Only 30-35s to get IVF treatment under new plans
NHS providers might restrict fertility treatment to women aged 30-35 only in the future, under new proposals.
GP-led groups in Bristol, North Somerset and South Gloucestershire could become the first in the UK to limit funding and services to such a narrow age range.
Fertility campaigners said the proposals were "arbitrary and unethical".
The Clinical Commissioning Group (CCG) said it had to "live within its means".
Currently couples in the three areas can receive one free fertility cycle on the NHS up to the age of 40.
NHS oversight group Nice recommends women aged under 40 should be offered three cycles if they have been trying to conceive for two years.
A cost-saving programme suggests halving the number of patients is a justifiable way forward.
If the age criterion is changed, only those with "exceptional circumstances" outside the bracket would be considered for free treatment.
Cuts to the service in other parts of the country are widespread with some areas denying couples any access to NHS-funded IVF and 18 CCGs currently have an upper age limit of 35, but no lower age limit.
As well as reducing the number of IVF treatments, the CCG is also proposing:
- encouraging patients to buy over the counter medicine instead of using the prescription service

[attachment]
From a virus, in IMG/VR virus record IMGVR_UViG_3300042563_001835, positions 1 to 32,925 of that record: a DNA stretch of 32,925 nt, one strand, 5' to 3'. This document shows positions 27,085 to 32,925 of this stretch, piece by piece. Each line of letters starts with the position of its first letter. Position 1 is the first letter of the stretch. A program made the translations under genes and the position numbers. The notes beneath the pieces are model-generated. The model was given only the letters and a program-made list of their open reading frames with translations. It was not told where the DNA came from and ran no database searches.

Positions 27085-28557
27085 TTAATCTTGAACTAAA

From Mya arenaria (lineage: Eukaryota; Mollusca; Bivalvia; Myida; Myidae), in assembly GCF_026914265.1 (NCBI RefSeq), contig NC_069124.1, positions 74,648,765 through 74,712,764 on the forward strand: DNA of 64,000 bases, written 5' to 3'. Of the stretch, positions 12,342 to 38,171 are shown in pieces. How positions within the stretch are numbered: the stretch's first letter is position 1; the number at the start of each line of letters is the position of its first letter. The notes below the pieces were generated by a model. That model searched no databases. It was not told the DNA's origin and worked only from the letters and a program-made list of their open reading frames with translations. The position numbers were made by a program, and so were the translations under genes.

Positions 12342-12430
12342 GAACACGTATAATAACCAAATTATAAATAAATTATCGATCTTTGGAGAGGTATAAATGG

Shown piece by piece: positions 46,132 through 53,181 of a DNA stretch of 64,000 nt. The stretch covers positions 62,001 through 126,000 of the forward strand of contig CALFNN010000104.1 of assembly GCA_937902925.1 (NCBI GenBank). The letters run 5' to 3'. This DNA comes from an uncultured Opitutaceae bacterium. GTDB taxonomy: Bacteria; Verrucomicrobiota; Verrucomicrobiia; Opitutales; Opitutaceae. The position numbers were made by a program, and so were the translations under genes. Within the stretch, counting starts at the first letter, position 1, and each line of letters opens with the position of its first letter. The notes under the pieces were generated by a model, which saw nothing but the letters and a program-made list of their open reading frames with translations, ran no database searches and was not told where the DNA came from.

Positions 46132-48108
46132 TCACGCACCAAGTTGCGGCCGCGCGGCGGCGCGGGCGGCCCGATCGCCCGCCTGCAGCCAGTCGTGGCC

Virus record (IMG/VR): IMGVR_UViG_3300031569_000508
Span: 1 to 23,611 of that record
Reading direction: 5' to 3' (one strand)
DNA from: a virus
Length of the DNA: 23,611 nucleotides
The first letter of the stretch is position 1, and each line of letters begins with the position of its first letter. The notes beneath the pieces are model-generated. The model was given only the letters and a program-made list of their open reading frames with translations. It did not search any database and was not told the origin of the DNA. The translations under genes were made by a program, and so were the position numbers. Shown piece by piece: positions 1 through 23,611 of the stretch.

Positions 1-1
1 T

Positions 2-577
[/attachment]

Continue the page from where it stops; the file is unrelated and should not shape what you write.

- introducing a system of prior approval for cosmetic surgery procedures
- introducing prior approval for sleep apnoea devices
- ending the contract for homeopathy treatments
- not funding cosmetic surgery to the unaffected breast in breast cancer cases
Professor Simon Fishel pioneered IVF in the UK, when he collaborated with others to enable the first test-tube baby to be born.
He said: "We live in a world where women aren't trying to have children until much later than what it was 20 years ago, and if they find out at that later stage they need help and are told 'you're just too old', that's utterly devastating."
The Fertility Network said it was "deeply concerned" at the lack of investment in NHS fertility services.
'Chance of success'
Deputy chief executive Leceia Gordon-Mackenzie said: "To suggest such a narrow window to the age criteria misrepresents the clinical evidence and Nice guidance.
"It is arbitrary and unethical.
"There will be many women, who do not meet this criterion, who experience the emotional distress of infertility, who will have their hopes dashed."
A spokesperson for NHS Bristol, North Somerset and South Gloucestershire CCGs said: "We know how hard it can be for couples who are struggling to conceive and will continue to offer fertility treatment to hundreds of people every year.
"Clinical evidence shows that treatment between the ages of 30-35 offers the highest possible chance of success."
It urged patients and the public to give their feedback on proposals via its website.